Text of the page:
Greetings, Friends ~
There is a certain feeling one gets when reading well-written prose. If done carefully, a story can take us right into its pages. As writers, the manner in which we connect words on paper is important. We are ever striving to give our readers an imaginary passage which will transport them to the scene.
Evidence of great nonfiction work lies in whether it has the ability to spark emotion in the reader. Worthy fiction allows one to visualize the scene and characters we introduce in its early chapters. Regardless the subject matter or genre, writers need to become artists of mental imagery.
To accomplish this in my work, I travel with my camera and consider it just as important as my notebook and pen. Whether I focus on a clock tower in Atlanta, a country roadside stream or the dramatic rock cliffs of Coastal Oregon, I will find use for those images later. It has become a vital part of my research process.
Pictures help me construct sentences intended to recreate scenic locations for a subsequent manuscript. In fact, every state and country I have visited is aptly memorialized in my digital albums. Twenty photographs may result in the production of only one, single paragraph. It is time well spent. The importance of “show, don’t tell” cannot be overstated when writing publishable work.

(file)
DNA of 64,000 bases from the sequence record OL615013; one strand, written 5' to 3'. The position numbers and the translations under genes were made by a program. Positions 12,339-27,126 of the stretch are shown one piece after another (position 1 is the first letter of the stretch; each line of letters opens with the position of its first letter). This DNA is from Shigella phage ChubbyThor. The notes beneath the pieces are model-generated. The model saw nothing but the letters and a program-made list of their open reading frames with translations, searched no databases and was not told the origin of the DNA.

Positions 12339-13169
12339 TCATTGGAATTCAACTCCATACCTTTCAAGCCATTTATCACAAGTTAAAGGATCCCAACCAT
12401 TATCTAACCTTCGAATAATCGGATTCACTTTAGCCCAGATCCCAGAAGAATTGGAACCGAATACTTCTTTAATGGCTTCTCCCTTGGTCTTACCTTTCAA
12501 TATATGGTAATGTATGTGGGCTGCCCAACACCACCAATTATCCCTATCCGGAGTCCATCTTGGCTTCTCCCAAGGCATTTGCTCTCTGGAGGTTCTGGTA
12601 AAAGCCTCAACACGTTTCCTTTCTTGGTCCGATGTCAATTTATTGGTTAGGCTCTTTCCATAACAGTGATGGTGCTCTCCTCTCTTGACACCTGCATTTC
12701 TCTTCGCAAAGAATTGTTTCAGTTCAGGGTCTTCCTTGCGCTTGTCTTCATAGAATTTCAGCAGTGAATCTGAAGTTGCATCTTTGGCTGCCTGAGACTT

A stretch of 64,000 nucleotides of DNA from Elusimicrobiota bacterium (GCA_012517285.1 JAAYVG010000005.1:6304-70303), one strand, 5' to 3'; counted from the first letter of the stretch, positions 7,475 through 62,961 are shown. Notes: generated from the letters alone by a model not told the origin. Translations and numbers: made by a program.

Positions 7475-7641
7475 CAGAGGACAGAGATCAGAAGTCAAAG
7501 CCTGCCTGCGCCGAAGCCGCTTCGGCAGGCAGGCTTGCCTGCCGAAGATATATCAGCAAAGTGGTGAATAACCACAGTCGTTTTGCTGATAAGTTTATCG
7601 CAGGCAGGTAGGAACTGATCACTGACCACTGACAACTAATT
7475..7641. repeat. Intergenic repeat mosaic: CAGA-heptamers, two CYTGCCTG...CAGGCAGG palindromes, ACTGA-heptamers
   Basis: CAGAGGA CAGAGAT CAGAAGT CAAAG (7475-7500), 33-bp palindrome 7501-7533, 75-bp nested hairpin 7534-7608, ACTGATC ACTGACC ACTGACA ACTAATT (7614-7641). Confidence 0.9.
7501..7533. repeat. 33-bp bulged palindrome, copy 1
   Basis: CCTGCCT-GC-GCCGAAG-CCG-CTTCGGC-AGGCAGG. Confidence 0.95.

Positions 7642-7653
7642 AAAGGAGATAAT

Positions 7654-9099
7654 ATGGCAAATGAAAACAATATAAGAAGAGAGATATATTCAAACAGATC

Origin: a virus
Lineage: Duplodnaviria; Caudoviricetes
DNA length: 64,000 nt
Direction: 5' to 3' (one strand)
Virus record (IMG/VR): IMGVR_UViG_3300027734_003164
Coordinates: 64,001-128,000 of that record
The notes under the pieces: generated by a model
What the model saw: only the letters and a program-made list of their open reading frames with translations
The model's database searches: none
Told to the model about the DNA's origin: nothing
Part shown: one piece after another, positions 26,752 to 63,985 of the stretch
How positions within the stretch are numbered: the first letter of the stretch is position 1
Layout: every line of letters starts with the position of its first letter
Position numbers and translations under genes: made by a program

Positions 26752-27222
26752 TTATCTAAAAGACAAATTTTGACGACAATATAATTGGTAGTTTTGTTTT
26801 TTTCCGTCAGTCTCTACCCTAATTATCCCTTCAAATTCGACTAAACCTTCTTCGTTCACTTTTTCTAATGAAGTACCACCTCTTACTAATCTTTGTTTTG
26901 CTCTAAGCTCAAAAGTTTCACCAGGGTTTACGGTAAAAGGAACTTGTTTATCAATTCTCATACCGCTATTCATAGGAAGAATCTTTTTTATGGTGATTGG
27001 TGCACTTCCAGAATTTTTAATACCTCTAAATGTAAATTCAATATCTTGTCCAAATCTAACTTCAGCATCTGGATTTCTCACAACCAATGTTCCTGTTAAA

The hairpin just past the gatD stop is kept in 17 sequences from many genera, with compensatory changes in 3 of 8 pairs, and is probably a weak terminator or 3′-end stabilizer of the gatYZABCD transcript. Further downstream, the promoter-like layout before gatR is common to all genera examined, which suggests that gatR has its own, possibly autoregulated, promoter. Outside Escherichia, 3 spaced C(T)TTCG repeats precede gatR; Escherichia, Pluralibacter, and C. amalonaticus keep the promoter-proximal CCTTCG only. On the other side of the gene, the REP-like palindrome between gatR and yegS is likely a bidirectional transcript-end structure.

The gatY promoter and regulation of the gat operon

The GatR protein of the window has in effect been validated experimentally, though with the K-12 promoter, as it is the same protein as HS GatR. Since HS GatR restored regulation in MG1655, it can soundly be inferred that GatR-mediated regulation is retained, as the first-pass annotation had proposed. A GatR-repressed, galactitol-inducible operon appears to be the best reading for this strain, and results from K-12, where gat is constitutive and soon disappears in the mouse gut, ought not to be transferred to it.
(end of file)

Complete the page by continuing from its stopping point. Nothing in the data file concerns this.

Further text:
To show an example in the difference between show and tell, I submit the following:
There is a long road with an old steel guard rail that stretches alongside its entire length. Steel hand rails are on either side. The yellow paint on the railing is old and started chipping off years ago. The steel is bolted to a concrete foundation which is covered in brown, dying moss. At what appears to be the end of that road is a forest. It is built over Detroit Dam and goes on to take a sharp turn at the edge of a line of trees. If you It continue on that road, it will take you closer to the forest where you can find other places to access Detroit Lake.
An aging road spans between Route 22 and the massive Douglas firs, mighty oaks and tall pine trees of the Willamette National Forest. Providing safe access for sightseers and fishermen to cross Detroit Dam, this area also boasts a breathtaking backdrop for even the most novice photographer.
Browning moss clings to massive concrete structures that border each side of this passage. Steel railing intended for the safety of onlookers is aptly bolted down for those who dare lean over it. Without it, getting a closer look at the North Santiam River’s swift water some 1,500 feet below may be a death wish.
Chipping yellow paint tells the story of this time and weather-worn structure. Standing at one end of the road looking toward the opposite side of the dam, it seems that the Pacific Northwest wooded areas stretch all the way to forever.
Good writing takes a lot of research and attention to detail. It is an intensely time-consuming craft, but well worth the effort. Authors who make an effort to master these skills will produce publishable and competitive work. They will be writing right.